CS 105

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Computer Science as a Profession

Catalog Description: Introduction to the computer science profession and curriculum; fields of study available; current topics in departmental research; curriculum planning; legal, ethical, and social issues in computing; academic ethics and responsibilities.

Type: Required for all Computer Science majors.

Total Credits: 2

Contact Hours: 2 lecture hours per week

Course Coordinator: Robert Heckendorn

URL: http://marvin.cs.uidaho.edu/Teaching/CS105/index.html

Prereq: None

Textbook: None.

Prerequisites by Topic: None.

Major Topics Covered

  1. Departmental expectations for academic integrity with specific emphasis on cheating and plagiarism
  2. The advising process and resources
  3. BSCS degree requirements and the University's general education requirements
  4. The work and career paths for computer scientists and software engineers: software development or software testing in a large corporate environment; software development in a small company environment; working as an independent consultant or developer; system administration, networking support, application support, web site support
  5. Legal, ethical & social issues: consequences of dependence on pervasive software, well known software failures
  6. The internet: issues and responsibilities
  7. E-mail − freedom of speech, privacy
  8. Web sites, chat rooms and other innovative technologies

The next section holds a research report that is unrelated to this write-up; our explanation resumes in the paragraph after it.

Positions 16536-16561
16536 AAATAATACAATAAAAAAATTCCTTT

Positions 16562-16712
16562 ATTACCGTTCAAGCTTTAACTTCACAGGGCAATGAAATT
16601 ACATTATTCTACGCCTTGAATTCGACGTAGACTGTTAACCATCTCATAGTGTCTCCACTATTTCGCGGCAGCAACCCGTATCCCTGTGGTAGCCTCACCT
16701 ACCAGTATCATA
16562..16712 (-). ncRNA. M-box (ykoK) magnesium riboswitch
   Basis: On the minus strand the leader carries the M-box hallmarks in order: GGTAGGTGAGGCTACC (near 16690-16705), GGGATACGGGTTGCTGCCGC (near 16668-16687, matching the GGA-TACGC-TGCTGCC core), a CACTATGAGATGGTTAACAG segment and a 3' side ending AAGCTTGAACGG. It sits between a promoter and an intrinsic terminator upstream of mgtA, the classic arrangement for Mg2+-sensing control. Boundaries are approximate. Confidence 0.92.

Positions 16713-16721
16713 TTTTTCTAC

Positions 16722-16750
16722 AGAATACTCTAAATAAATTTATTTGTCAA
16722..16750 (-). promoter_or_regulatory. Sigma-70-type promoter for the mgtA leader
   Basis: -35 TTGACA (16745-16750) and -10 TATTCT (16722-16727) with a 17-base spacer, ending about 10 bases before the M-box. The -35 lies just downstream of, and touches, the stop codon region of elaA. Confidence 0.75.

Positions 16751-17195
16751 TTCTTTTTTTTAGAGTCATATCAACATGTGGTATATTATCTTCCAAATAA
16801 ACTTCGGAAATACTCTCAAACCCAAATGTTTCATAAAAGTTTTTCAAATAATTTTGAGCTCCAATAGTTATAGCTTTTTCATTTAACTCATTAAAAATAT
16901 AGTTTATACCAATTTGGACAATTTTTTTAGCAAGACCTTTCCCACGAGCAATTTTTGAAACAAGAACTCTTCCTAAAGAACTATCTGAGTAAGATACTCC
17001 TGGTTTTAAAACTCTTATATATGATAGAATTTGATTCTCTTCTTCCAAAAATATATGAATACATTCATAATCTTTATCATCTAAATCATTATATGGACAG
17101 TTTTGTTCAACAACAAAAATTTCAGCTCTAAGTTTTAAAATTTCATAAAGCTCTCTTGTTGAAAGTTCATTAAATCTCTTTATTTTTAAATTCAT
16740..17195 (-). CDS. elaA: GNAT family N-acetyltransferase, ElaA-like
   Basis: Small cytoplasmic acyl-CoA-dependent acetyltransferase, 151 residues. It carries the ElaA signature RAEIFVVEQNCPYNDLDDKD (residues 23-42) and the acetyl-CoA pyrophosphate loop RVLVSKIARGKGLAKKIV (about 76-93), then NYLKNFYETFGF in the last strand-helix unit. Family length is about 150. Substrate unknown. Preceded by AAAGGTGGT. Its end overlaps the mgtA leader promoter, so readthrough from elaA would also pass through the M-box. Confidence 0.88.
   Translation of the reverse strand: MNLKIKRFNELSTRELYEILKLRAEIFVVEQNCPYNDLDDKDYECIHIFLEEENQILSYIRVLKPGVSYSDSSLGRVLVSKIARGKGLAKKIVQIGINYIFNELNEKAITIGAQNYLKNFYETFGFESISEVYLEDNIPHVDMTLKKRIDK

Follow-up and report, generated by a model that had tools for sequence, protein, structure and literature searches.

9. Use of University computer systems and facilities
  10. Intellectual property rights and responsibilities
  11. Software licenses, open source software
  12. IEEE and ACM code of professional ethics and responsibility
  13. Overview of focus areas: hardware and software architecture; theoretical computer science; computer security; fault tolerant systems, bio-informatics; artificial intelligence and evolutionary computation; games and artificial environments; software engineering

Course Outcomes

  1. Understand expectations for academic integrity. Can identify academic situations and activities that are acceptable and unacceptable. (e)
  2. Understand basic concepts of intellectual property as they apply to computer science. Knows basic principles of copyright and patent protection and how they apply to students. (e)
  3. Understand what a person does who practices computer science or software engineering. (e)
  4. Understand the professional responsibilities of a computer scientist or software engineer. (e)
  5. Demonstrate how the ethical guidelines documented in the ACM / IEEE Software Engineering Code of Ethics and Professional Practice apply to a software developer and a software * development project. (e)
  6. Write short essays that include expression of factual information and personal opinions. (f)
  7. Properly cite information obtained from reference sources. (f)
  8. Express one's personal views and contribute to class discussions. (f)
  9. Analyze the impact of computing on individuals, organizations, and society. (g)
  10. Understand requirements for graduation and their role in achieving educational success. (h)
  11. Recognize that an undergraduate education is only the beginning, with a major emphasis on teaching the student how to learn and stay abreast of developments in Computer Science. There will be a need for continued professional development as long as one remains active in the profession. (h)
  12. Be able to provide a high level description of several specialty areas in computer science. (k)
  13. Understand the relevance of courses covering advanced topics to the career options available and the educational requirements for specific career paths. (k)